Tag Archives: graduation

5 Ways to Prepare for Your College Graduation

After four years of late-night cramming sessions, a grueling class schedule, too many term papers to count and lots of hard-core partying, the big day is finally within sight. Graduation! You can hardly wait to toss your cap into the air and start making your mark in the big wide world.

As you count down toward graduation, don’t forget to check off these important tasks you’ll need to tend to before you can get your diploma.

1. Put your papers in order

Don’t celebrate the end of college paperwork just yet! Before graduation, you’ll need to submit an application to graduate. You may also need to officially confer your degree. These steps can differ in each school, so find out what your particular requirements are before the end-of-term rush.

2. Polish your resume, cover letter and portfolio

Hopefully, at this point, you’ll have already written up your resume and cover letter and organized your portfolio. During these last few months in college, take the time to perfect these gateways to the working world. Ask a few friends to read through your resume and cover letter and check them for typos and inconsistencies.  You can also show these documents and your portfolio to a career counselor at your school to ask for professional tips on making them shine.

3. Find a summer job or a paid internship

It isn’t easy to find that first post-college job. But, whether you’ve landed the perfect position for next year or you’re still hunting for a job, the clock starts ticking on that student loan debt as soon as you graduate. If you won’t be starting your new job until fall, or you haven’t found one yet, it’s best to accept a temporary summer job or a paid internship so you have some kind of income to put towards payments.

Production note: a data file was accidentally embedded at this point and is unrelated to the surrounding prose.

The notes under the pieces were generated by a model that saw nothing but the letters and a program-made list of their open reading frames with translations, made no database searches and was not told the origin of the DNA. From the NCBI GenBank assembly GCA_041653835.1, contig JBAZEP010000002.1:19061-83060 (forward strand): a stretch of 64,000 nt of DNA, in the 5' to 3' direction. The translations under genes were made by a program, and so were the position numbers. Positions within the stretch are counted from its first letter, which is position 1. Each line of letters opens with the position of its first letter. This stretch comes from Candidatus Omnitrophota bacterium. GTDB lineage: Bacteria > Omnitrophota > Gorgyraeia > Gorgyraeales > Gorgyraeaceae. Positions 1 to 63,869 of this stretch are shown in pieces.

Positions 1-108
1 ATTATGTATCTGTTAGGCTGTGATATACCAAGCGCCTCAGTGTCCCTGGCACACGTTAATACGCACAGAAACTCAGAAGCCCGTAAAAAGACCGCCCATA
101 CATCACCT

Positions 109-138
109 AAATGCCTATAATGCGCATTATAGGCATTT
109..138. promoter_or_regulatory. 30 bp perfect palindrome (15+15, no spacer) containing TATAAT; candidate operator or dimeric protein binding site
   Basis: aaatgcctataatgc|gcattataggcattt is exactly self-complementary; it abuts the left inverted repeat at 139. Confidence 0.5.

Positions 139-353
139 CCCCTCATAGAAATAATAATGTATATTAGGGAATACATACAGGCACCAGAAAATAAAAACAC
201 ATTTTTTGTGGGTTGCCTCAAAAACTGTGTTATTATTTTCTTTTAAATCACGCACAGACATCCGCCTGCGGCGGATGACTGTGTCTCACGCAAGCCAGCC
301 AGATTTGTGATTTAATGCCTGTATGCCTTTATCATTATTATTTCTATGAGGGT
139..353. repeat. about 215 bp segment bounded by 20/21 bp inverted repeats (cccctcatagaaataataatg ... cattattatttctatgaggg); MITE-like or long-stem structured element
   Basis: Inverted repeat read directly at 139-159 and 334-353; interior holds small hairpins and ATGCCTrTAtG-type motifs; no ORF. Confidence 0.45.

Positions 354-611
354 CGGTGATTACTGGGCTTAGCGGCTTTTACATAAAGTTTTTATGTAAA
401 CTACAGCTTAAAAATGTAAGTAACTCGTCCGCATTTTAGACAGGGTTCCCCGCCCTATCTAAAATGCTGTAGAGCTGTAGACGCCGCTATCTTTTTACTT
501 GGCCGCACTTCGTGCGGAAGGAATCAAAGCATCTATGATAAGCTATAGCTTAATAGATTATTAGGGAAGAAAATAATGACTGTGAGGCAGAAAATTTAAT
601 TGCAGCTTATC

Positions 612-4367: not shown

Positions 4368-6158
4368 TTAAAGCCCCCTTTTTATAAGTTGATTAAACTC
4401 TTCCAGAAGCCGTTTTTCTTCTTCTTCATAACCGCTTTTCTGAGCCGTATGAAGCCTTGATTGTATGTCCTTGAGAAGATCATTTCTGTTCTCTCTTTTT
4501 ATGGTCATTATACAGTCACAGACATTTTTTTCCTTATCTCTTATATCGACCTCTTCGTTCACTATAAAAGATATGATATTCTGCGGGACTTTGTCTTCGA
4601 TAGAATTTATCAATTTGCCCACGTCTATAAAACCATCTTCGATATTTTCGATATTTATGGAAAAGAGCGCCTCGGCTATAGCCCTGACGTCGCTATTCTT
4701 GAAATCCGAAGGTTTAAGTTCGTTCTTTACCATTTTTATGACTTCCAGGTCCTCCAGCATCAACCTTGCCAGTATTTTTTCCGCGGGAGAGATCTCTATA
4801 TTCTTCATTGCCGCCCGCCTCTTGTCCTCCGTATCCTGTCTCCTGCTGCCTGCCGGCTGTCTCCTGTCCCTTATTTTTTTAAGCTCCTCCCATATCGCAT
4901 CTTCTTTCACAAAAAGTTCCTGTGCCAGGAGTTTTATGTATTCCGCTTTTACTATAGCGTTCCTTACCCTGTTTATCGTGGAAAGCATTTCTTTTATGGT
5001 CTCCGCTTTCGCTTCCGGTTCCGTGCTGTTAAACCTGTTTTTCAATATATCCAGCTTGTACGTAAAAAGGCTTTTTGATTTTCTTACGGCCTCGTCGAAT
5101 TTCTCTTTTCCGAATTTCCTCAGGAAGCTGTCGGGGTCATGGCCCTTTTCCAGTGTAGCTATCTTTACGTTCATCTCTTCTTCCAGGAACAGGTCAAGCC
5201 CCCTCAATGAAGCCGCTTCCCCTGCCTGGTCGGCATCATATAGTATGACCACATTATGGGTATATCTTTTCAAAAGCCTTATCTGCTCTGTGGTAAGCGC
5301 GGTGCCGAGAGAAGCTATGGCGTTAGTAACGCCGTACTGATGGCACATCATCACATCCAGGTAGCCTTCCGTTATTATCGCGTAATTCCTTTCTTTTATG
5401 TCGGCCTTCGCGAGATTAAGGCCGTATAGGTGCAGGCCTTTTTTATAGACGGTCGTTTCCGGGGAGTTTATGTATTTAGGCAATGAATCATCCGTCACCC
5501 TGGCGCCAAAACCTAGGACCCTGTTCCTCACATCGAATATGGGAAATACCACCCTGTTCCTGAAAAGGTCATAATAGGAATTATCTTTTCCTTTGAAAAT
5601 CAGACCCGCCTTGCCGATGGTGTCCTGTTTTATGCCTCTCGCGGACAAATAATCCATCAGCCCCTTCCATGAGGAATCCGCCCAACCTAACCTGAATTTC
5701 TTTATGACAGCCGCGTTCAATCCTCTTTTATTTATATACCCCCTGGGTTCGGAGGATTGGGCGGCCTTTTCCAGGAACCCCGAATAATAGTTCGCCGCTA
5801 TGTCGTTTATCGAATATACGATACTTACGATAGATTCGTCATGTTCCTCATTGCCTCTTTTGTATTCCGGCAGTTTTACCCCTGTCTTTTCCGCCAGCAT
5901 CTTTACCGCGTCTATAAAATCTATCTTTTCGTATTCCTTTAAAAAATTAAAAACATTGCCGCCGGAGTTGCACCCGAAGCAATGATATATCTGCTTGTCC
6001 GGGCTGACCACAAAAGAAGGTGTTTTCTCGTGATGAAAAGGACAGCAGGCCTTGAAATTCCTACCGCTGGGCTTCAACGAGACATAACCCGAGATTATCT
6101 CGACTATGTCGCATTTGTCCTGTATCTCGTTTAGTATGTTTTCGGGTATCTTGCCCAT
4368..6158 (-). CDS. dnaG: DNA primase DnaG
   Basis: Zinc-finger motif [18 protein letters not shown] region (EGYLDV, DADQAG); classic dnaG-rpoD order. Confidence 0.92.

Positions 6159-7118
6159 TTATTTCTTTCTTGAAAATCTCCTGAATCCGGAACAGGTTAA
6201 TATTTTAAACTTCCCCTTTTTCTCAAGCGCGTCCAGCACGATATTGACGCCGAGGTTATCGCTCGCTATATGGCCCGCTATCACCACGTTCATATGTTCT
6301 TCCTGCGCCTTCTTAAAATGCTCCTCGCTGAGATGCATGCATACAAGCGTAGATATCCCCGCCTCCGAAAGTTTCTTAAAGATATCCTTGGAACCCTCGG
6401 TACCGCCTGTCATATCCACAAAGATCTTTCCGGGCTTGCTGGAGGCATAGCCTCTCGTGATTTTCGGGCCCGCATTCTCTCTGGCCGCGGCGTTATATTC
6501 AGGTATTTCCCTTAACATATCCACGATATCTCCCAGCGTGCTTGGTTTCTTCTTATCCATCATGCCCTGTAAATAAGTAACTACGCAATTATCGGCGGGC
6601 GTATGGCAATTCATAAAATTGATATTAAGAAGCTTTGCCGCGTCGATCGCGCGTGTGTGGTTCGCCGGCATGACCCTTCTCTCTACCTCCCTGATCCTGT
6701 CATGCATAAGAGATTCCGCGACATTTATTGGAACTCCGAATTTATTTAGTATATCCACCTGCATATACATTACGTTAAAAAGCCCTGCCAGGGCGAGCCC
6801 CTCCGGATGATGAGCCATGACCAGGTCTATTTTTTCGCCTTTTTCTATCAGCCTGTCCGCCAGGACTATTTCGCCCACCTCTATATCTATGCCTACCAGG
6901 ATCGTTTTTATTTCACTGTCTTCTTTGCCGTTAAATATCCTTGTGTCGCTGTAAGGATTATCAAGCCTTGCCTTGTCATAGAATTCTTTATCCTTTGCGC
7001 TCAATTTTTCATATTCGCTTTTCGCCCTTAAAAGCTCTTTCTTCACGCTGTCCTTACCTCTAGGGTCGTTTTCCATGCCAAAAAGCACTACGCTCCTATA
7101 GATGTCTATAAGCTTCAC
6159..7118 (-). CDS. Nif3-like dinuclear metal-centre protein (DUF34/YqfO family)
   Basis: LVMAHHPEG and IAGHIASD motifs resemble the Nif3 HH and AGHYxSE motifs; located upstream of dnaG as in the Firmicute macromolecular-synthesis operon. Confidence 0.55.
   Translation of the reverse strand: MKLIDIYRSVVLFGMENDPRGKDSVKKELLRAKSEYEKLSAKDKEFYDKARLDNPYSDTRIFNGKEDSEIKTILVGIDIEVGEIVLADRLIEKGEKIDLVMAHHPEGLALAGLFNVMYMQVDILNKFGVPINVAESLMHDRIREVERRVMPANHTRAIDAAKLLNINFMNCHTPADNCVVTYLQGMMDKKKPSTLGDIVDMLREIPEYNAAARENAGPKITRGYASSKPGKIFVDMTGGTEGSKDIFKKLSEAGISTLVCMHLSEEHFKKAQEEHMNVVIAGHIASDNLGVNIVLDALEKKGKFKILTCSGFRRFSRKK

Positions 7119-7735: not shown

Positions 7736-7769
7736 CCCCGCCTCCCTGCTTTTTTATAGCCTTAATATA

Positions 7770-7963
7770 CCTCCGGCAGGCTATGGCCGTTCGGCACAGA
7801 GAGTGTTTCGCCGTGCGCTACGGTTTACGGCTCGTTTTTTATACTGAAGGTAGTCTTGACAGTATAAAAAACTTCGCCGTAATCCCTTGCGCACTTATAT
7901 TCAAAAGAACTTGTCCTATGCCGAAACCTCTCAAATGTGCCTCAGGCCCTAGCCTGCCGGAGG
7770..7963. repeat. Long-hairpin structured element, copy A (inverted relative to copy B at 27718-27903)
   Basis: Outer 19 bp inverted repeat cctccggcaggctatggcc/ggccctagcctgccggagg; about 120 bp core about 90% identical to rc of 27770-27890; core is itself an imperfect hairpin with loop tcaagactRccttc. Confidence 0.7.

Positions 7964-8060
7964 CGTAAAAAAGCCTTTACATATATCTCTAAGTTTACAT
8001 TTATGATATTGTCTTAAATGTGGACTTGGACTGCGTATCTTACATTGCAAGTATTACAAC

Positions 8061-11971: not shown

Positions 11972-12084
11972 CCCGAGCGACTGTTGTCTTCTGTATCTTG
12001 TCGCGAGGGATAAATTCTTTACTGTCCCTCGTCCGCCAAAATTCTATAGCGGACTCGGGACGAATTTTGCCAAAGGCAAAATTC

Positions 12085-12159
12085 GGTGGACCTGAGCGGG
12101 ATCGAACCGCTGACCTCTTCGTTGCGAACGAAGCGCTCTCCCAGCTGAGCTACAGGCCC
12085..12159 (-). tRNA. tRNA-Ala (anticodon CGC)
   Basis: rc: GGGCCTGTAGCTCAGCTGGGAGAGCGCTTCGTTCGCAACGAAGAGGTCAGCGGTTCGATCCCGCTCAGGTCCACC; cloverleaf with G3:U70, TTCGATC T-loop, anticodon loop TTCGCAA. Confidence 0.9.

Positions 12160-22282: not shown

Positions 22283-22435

4. Find a place to live

In the rush to find a job for next year, you may have forgotten about another crucial decision you need to make: Where are you going to live? If you plan on moving back in with mom and dad, you’re good to go. Otherwise, start apartment hunting as early as possible to get the best picks. You can look up rentals in the area on sites like Rent.com, and ApartmentGuide.com.

5. Spend time with your friends

As you tie up the loose ends of your life in college, don’t forget about the people who matter most to you in school. The relationships you form in college can last a lifetime. Make sure you get a few good late nights in with your best buddies before graduation.

Use these last few months of college wisely by making sure you’ve got your post-college life in order, and taking the time to live it up just a little bit more before adulting for real.


How did you prepare for your college graduation? Share your best tips with us in the comments.

Getting Ahead on Your Student Loan Before You Graduate

As you begin scouting different employment opportunities, be sure to look at the larger picture before you accept a position.